Canadian Brass visits H.P.O. Reply

Review by Danny & Terry Gaisin

Two emotional events:- the Hamilton Philharmonic’s musical acknowledgment of Remembrance Day and THE CANADIAN BRASS as guest performers. The former touches both of us as we can remember the days of WWII. Air raids; rationing; slit headlights & blackouts and especially the black sedans that would drive into the neighborhood and disgorge two military types and a priest, minister or Rabbi. That always brought out everyone in sympathy. As for the ‘Brass’ we bought their 1980 album with Leona Boyd & Erica Goodman. Obviously we’ve been fans for decades. Finally got the album jacket autographed. Traditionally, the concert was opened by the RHLI’s Regimental Band.

“The BRASS” and HPO under maestro Giuseppe Pietraroia’s baton

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CZECH TALES; opening concert of 5@1st Reply

Review by Judith Caldwell

The opening concert of the 5 at the First season was entitled Czech Tales, featured  the
AYR Trio;  comprised of Angela Park, piano, cellist Rachel Mercer, plus Yehonatan Berick, violin; playing music of Dvorak and Smetana.  The afternoon began with an Hungarian piece, ‘Scenes de la Czarda No.4’ by Jeno Hubay a noted teacher, violinist and composer who taught the teacher of Berick, who then called him his ‘grand teacher’.  This was performed by Julian Kwon, a young violinist from Oakville who is currently the concertmaster of the Hamilton Philharmonic Youth Orchestra.

Berick, Park & Mercer – The AYR TRIO

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Mozart, Mendelssohn, John Williams, & Ping Yee Ho Reply

Review by Danny & Terry Gaisin

Under maestra Gemma New, the concert programs of the Hamilton Philharmonic are nothing if not eclectic. Old masterpieces are partnered with contemporary and even commissioned works. Last evening was no exception. ‘Silk Road’ by Alice Ping Yee Ho is subtitled a fantasy, and it certainly is. The work’s three movements all try to evoke differing aspects of what was the trade route from the Middle East, through Persia, India and thence to Asia. Naturally, the intro describes the Nomadic atmosphere. Glorious and effective, her scales bear a resemblance to pentatonic rather than Bachian. Short staccato riffs with melodic viola & celli are underscored by intense demand of the percussionists.

Chooi & New performing the M ozart concerto #5 with the HPO

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Hammer Baroque Lute Recital Reply

Review by Judith Caldwell
Hammer Baroque presented lutenist Lucas Harris in a recital titled “Circa 1600” on Saturday afternoon.  In his opening remarks Bud Roach, the organization’s artistic director said that he is always surprised that so many people come out on a holiday weekend to hear early music.  The feeling among musicians apparently is that the earlier the music – the fewer audience members it attracts.  In Hamilton, however, a reasonable number turned up.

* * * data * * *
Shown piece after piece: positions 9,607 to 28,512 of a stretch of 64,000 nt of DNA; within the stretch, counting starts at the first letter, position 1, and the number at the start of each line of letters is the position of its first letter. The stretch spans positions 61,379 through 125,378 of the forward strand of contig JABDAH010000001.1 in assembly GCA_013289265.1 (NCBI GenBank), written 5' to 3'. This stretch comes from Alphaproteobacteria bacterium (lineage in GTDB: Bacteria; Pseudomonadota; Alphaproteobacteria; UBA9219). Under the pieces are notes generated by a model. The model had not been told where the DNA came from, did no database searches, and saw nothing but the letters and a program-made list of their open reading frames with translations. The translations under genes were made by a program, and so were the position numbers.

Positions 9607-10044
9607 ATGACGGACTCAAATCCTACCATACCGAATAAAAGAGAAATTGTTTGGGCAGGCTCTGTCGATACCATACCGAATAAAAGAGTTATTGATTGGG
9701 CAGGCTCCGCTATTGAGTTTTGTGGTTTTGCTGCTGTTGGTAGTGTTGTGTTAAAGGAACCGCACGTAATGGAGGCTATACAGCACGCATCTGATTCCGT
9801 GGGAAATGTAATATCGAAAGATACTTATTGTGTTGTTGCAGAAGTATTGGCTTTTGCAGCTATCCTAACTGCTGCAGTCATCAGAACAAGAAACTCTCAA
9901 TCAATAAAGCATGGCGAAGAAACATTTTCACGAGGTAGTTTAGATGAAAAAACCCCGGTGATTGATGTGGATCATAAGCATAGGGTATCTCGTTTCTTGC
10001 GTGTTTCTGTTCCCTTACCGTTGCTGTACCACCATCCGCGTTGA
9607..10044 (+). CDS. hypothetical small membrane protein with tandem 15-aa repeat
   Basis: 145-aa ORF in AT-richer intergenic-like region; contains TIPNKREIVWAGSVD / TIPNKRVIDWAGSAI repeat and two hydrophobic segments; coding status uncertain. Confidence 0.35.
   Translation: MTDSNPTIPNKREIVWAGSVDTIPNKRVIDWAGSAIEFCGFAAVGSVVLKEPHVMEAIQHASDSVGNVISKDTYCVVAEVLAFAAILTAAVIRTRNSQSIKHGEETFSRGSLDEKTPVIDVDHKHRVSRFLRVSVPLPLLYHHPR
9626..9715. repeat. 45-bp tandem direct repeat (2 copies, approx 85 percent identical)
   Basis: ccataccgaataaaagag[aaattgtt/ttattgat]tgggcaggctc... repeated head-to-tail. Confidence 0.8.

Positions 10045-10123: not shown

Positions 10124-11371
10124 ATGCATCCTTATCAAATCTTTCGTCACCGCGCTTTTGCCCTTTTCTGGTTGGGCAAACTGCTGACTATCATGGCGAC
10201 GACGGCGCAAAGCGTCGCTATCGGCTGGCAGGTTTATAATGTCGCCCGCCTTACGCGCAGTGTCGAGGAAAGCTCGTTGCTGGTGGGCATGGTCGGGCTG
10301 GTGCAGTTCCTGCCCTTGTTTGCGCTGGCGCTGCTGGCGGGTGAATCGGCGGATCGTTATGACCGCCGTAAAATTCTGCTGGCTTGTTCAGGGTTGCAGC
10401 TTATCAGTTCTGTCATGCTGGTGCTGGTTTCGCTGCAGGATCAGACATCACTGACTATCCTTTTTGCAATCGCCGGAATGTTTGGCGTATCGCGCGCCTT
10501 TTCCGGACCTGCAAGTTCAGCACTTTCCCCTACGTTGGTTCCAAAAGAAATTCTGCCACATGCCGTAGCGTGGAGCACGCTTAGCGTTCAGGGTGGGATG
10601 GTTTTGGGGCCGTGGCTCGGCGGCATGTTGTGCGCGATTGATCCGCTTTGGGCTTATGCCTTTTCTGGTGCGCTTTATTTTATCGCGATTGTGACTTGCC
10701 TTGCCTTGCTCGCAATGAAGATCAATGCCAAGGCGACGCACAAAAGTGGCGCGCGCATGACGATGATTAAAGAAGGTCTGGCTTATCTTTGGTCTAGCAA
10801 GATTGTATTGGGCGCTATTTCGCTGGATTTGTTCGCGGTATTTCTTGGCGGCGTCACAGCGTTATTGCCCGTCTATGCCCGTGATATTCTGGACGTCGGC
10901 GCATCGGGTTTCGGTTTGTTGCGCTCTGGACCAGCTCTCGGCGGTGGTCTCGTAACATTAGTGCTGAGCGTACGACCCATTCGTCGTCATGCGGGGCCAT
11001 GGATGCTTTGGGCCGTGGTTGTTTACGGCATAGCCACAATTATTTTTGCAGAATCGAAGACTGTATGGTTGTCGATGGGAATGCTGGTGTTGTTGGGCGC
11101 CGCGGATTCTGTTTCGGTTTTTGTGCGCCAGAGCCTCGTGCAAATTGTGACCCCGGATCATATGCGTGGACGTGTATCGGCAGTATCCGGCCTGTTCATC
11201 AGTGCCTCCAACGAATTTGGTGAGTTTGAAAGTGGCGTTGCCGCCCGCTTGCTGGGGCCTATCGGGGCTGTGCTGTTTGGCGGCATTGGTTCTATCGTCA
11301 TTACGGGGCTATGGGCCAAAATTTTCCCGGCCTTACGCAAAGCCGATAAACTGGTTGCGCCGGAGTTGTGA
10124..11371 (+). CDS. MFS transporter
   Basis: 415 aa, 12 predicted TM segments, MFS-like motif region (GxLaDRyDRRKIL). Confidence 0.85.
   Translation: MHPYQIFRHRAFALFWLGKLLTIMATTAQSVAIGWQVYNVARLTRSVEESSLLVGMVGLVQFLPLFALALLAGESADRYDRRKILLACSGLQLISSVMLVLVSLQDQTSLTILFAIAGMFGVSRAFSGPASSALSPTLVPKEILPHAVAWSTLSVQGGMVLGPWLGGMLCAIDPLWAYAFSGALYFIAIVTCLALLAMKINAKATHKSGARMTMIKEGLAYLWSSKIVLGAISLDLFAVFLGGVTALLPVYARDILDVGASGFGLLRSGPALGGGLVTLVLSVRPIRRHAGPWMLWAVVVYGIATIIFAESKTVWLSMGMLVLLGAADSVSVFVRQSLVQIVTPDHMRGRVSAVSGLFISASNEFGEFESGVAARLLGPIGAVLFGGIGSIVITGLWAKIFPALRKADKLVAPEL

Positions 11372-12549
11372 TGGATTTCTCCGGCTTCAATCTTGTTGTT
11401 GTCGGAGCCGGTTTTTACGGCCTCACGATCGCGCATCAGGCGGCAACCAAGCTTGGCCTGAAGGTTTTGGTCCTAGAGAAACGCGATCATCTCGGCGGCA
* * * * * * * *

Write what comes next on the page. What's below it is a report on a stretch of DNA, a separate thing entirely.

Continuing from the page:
Harris said he chose 1600 because that is approximately when the lute went from the previous five courses of strings to 6 then 7 giving the composers and players more bass notes.

the soloist performing on the lute

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O.C.O. honors ‘friends’ L.V. Beethoven & company Reply

Review by Danny Gaisin

It behooves a classical music writer to have a sliding scale of criticism; the big (size & $$$) outfits should be held to a higher standard than community organizations. Hearing the Oakville Chamber Orchestra’s three dozen musicians and their director, Charles Demuynck, in performance, they deserve as sharp a pencil point as any group…they’re that good! Unfortunately, last evening’s concert was held in St. Simon’s Anglican Church and acoustically; the closest simile I can recall is hearing a band play inside a Quonset Hut construction shed!
The opening work was Beethoven’s ‘Coriolan’ overture. The tale behind the work is about the semi-legendary Roman ‘Coriolanus’.

Soprano Charlene Pauls interpreting “Zerlina” From Don Giovanni

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“Radiant Ravel”; and other stuff by H.P.O. Reply

Review by Danny Gaisin

  It’s autumn. School’s back and so are the musicians & conductor of the Hamilton Philharmonic. The opening concert was eclectic in selections… brief old standards, a premiere composition and an orchestral interpretation of a dramatic ballet. Interestingly, the connection between two pieces is esoteric and somewhat convoluted, unless one is familiar with ancient Greek fables.
The opening work was Dvo
řák’s ‘Carnival Overture’. One of a triptych, this work is well-known and two seems the only one of the three to be performed. Maestra Gemma New gave the piece a forceful yet touching rendering that offered the clarinets and violins the opportunity to demonstrate the familiar syncopation that is a hallmark of the work.  It was an exuberant welcome back.

Dunlop; New & Fedyshyn and an abbreviated HPO performing a new composition

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